In the Greek civilization, the hedonistic sexual free-for all portrayed in movies and many college classrooms was not the standard in the days of the free and democratic Greek society. The profligate hedonism became rampant during the decline and fall of the ‘free polis’, not before it. In the days of the free polis (city-state) and democratic society, virtue in marriage was stressed. Profligate hedonistic behavior was also not accepted by all levels and classes of Greek society. Although it was joked about by the authors of plays and philosophers, the behavior was not part of mainstream Greek society. Yes they had prostitutes, yet visiting them was often viewed as being sleazy. Sleazy behavior was seen as low class in ancient Greece, as it is in any modern moral society as well. The plays of ancient Greece often portrayed such behavior on stage, yet like a Hollywood production, there was frequent exaggeration and over-emphasis on licentiousness. This exaggeration and over-emphasis on licentiousness often drew crowds to the stages of ancient Greece.

Marriage, like many of the transactions in ancient Rome was governed by contracts. Since it was by contract, the laws regarding contracts were applied. The Roman contract law concept is vastly different from the Biblical /Hebrew concept of covenant marriage. In the covenant, the two parties pledge their strength, and wealth to each other throughout the generations. A covenant was non-revocable and lasted into future generations.

A contract is a legal agreement that can be severed when one party fails to keep up their end of the agreement. The terms of a contract are often enforced by law. The length of a contract is limited to the life of the parties making the contract.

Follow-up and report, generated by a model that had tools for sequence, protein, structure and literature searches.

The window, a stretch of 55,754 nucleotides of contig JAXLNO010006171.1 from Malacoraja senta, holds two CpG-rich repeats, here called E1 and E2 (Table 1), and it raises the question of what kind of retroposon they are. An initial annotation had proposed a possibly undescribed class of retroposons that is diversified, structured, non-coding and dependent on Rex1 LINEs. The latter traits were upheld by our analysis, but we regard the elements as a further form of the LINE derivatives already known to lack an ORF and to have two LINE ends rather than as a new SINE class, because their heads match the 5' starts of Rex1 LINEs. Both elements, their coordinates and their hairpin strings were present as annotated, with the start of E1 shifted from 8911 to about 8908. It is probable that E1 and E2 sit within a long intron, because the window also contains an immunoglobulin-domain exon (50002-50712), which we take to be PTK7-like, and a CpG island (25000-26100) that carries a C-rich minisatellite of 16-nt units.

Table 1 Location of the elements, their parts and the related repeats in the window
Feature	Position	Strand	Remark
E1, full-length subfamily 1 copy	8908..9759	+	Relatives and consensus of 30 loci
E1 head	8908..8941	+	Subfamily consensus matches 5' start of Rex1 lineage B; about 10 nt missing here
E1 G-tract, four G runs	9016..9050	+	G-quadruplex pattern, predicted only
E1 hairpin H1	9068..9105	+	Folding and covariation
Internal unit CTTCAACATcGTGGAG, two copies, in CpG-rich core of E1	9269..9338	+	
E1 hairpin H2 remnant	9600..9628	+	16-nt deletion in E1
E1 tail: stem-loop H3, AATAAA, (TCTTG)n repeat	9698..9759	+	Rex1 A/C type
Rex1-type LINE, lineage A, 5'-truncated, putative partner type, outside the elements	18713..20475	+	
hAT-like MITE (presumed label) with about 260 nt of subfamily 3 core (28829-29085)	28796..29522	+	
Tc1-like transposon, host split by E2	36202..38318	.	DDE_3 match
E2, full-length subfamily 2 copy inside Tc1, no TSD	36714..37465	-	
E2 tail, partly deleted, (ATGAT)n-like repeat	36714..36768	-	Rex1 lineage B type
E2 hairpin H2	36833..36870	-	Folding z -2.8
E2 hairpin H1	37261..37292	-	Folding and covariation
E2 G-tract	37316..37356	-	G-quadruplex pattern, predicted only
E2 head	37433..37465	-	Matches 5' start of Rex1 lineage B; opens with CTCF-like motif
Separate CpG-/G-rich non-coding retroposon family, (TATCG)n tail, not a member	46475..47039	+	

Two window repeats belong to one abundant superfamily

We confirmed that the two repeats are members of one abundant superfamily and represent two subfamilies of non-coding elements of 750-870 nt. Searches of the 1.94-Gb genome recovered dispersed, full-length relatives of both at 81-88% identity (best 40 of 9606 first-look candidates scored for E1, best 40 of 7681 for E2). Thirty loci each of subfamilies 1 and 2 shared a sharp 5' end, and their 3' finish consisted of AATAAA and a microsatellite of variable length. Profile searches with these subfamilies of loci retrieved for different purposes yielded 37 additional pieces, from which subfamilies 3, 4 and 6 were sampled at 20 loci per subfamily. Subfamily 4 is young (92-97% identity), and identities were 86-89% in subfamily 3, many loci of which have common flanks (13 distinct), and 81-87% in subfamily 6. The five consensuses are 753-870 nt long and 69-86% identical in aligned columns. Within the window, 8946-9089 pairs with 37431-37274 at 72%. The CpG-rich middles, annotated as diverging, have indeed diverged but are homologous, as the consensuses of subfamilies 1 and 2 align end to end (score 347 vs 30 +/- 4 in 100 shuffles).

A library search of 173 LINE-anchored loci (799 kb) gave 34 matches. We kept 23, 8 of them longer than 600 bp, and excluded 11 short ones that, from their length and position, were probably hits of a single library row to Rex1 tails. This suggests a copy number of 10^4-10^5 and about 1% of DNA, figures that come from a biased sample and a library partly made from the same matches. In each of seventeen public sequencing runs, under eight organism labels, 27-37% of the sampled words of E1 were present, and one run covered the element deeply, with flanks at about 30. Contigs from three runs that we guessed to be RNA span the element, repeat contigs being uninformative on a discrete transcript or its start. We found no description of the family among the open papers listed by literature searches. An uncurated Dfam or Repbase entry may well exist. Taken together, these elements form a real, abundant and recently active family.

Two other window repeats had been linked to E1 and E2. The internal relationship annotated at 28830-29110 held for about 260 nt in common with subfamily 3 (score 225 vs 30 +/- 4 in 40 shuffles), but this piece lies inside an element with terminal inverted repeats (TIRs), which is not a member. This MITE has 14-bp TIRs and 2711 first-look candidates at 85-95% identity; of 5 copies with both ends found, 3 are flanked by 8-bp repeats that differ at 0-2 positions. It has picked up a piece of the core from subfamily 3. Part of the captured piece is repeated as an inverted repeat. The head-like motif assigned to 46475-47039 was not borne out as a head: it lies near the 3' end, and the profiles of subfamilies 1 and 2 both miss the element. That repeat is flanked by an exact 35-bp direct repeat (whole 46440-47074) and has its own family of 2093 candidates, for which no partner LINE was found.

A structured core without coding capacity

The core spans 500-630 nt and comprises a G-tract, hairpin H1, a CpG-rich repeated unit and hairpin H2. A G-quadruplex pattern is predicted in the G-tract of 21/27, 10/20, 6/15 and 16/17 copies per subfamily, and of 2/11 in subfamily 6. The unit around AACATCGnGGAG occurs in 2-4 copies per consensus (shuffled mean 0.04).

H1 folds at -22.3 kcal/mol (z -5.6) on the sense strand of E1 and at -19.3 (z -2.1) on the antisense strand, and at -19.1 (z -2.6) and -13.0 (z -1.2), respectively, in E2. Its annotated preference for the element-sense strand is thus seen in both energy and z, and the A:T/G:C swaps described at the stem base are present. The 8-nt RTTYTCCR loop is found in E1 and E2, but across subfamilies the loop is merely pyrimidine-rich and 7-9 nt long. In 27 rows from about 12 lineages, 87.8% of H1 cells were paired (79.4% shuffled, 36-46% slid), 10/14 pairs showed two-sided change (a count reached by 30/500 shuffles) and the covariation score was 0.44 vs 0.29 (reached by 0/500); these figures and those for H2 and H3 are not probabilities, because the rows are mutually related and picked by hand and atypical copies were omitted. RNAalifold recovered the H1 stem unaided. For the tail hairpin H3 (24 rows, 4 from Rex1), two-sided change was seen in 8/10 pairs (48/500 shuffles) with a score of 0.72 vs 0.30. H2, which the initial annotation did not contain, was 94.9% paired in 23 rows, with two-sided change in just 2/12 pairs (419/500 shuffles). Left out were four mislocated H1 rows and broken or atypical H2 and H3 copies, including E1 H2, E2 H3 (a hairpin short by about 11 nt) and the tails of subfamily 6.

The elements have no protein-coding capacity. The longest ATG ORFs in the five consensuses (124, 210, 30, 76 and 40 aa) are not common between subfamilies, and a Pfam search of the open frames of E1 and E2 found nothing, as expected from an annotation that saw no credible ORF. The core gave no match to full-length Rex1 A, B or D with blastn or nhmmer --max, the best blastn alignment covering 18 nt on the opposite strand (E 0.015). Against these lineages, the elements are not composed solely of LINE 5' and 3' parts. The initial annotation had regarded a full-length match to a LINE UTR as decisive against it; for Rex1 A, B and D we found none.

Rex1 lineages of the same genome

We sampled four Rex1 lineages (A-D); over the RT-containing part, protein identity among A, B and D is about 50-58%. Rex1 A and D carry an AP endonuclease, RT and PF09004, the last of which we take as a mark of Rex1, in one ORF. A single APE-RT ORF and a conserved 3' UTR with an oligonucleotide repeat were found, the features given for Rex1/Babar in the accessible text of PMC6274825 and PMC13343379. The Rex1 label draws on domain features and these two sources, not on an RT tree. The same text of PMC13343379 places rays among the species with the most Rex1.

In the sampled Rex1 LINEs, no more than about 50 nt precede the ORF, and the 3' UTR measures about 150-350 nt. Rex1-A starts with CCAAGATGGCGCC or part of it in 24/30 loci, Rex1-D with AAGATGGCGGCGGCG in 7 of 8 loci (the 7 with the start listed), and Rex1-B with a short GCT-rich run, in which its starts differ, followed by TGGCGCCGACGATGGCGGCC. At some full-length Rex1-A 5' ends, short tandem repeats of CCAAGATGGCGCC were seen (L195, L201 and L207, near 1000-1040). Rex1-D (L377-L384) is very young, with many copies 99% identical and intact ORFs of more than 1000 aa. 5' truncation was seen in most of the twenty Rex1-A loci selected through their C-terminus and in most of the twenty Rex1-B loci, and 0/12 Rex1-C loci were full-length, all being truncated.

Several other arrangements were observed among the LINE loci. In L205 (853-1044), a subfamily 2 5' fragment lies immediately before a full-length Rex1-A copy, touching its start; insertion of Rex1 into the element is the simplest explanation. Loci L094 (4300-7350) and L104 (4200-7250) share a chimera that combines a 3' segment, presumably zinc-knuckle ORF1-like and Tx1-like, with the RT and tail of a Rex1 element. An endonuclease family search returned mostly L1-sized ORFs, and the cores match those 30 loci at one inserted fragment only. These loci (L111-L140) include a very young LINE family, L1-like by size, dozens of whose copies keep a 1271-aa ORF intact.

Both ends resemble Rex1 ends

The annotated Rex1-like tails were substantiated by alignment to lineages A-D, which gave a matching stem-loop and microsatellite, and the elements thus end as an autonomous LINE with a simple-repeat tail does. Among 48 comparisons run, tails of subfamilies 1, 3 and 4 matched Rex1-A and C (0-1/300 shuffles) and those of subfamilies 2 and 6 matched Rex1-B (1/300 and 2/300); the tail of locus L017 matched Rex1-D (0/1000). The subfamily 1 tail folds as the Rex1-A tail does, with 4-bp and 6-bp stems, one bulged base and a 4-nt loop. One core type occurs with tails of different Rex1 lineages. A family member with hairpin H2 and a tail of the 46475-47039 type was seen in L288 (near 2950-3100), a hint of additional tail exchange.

The idea of using contracts to document the arrangement was not a new one. In Babylonian law, marriages were required to have a contract as well. One of the differences between the Babylonian contract and today’s marriage contract was that it was more akin to being a ‘bill of sale’ for the wife, rather than a legal arrangement made between two individuals.

Being governed by contracts, as Rome was, there was plethora of lawyers in Rome that drew up those contracts. The contracts were essential. Without a contract, the marriage was not legal. For this reason, many of the people had an almost fanatical zeal concerning marriage lines. They knew that they needed legal legitimacy for their birth. Any question regarding the legitimacy of their birth was a stain on their character. When you could establish good marriage lines, a person established their legitimacy.

Under Greek law, adultery was considered a private matter, although its consequences were public. Since the wife was viewed as part of her husband’s family, they were her protectors and guardians. The husband (or a member of his family) was allowed to take revenge for adultery, even to the point of killing. The government did not interfere since the violator of the marriage was trespassing on property that was not rightfully his. The consequences of adultery, including death were seen as ‘justifiable’.